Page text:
FEMA Head of Personnel Accused of Sexual Misconduct - NBC 7 San Diego
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FEMA Head of Personnel Accused of Sexual Misconduct

The FEMA director said that investigators uncovered a systemic problem going back years



    FEMA Head of Personnel Accused of Sexual Misconduct
    Getty Images/iStockphoto
    This undated file photo shows a U.S. Homeland Security Citizen and Immigration Services Flyer from the Federal Emergency Management Agency (FEMA).

    The former head of the Federal Emergency Management Agency's personnel office had improper sexual relationships with subordinates and created a "toxic" work environment that included giving preferential treatment to his fraternity brothers, according to a summary of an internal investigation obtained Monday by The Associated Press.

    FEMA officials said Corey Coleman resigned June 18 amid the probe. The preliminary investigation began in January and was completed Friday.

    FEMA administrator Brock Long said in a statement Monday that he was referring the case to the internal watchdog of its parent agency, the Department of Homeland Security, which could investigate any claims of possible criminal sexual assault. But victims would have to go to police for any charges to result.

    "Anyone who disagrees with this zero tolerance approach will not be welcome at FEMA," Long said. "Employees at FEMA devote their careers to caring for disaster survivors in their time of greatest need. We must care for our own with the same respect, compassion and advocacy that we bring to our external operations."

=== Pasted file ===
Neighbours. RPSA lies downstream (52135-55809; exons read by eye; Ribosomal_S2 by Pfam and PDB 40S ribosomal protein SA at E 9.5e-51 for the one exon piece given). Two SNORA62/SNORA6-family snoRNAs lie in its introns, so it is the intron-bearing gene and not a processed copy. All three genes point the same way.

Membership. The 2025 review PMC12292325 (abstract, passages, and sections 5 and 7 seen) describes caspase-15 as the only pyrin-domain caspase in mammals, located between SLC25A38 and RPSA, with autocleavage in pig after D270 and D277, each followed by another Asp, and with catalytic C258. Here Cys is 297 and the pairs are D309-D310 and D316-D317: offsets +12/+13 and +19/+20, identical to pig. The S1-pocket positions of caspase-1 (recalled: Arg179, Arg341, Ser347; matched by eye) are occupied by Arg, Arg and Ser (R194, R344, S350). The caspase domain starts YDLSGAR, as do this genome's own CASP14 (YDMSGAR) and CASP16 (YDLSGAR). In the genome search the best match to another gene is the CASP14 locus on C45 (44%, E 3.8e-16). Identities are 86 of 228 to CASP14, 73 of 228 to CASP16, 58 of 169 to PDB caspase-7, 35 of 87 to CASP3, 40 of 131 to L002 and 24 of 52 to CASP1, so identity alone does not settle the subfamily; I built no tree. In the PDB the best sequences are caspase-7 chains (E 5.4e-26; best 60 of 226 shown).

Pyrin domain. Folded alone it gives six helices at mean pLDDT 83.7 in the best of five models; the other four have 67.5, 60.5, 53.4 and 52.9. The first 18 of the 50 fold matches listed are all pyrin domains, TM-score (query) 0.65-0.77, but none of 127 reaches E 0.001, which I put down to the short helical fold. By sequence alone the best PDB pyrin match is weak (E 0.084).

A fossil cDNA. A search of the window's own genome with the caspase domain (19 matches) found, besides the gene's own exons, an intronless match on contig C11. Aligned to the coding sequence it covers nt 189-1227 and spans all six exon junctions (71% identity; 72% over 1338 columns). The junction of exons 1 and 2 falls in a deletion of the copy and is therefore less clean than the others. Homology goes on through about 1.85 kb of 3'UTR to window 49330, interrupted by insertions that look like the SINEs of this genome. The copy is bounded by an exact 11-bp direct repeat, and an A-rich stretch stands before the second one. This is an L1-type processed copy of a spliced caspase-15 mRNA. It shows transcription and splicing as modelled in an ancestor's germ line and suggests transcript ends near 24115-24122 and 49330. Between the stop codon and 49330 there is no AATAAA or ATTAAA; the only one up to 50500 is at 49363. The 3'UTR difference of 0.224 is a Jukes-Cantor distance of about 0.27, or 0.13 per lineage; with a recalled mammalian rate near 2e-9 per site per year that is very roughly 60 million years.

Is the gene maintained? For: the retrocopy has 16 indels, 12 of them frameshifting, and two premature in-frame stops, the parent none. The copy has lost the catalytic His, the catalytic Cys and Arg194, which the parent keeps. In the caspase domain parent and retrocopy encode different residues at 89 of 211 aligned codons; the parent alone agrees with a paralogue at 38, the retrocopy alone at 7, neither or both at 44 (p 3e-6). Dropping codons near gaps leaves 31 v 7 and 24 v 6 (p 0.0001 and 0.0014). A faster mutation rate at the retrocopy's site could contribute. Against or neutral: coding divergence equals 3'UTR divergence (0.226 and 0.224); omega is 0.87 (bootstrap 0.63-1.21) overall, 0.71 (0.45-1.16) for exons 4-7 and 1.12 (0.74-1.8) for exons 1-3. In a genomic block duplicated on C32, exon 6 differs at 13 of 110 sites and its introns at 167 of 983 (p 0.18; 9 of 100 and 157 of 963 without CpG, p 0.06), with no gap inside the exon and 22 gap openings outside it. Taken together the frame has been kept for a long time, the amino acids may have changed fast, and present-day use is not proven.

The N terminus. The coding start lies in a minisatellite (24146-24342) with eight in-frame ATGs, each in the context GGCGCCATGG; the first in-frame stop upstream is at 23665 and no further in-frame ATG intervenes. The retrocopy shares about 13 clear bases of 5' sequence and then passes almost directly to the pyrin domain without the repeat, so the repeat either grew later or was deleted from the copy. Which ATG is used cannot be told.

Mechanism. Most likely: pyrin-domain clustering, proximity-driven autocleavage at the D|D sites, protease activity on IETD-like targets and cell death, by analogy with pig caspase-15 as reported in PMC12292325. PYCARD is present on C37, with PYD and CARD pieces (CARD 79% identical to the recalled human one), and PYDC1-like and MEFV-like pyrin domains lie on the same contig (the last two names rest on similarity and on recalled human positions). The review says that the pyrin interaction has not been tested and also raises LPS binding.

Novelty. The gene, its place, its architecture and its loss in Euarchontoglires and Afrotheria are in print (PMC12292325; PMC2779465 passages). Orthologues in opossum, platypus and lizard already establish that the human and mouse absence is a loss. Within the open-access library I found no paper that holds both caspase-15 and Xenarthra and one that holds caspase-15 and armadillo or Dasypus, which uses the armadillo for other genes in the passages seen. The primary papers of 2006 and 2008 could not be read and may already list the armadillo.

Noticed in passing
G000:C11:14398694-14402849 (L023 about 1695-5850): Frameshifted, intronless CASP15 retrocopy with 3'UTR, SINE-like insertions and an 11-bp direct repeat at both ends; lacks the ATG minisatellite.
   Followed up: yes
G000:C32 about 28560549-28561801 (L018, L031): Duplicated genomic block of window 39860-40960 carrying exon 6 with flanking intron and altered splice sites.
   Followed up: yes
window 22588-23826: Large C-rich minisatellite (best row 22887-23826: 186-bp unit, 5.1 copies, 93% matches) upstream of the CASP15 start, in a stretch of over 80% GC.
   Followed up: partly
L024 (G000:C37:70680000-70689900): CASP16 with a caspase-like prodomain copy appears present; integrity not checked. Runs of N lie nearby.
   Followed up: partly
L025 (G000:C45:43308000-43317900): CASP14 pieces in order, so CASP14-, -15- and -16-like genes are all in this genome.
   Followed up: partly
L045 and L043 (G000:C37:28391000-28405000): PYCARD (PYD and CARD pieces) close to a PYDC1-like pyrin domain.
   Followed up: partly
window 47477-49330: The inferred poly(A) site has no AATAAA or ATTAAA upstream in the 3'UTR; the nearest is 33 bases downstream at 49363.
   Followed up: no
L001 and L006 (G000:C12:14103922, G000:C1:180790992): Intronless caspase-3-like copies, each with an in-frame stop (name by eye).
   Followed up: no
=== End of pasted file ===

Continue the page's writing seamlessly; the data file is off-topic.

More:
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    Coleman is not named in the summary, but officials at the agency confirmed details in the report referred to him. A call to his home Monday wasn't returned.

    According to the summary, after Coleman had a sexual relationship with one subordinate in 2015, he continued to pressure her for dates. When she refused, she was denied a promotion.

    He had a second inappropriate relationship two years later with another subordinate, according to the report.

    Coleman granted preferential treatment to fraternity brothers, according to the report, in part because he said he could "trust them."

    It said he intimidated staff and created a management structure in which he was the foremost hiring and firing authority, in part to circumvent subordinates who might question him. Investigators interviewed 73 witnesses and took 98 statements.

    The allegations were first reported by The Washington Post. Long told the newspaper that investigators uncovered a systemic problem going back years.

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    Long said in the statement that he is creating an office to ensure fair follow-up on claims of employee misconduct, and to conduct a third-party review on the management of sexual harassment and misconduct allegations at the agency.

    The Post reported, citing unnamed sources, that Coleman also transferred some of the women he hired to regional offices so his friends could try to have relationships with them.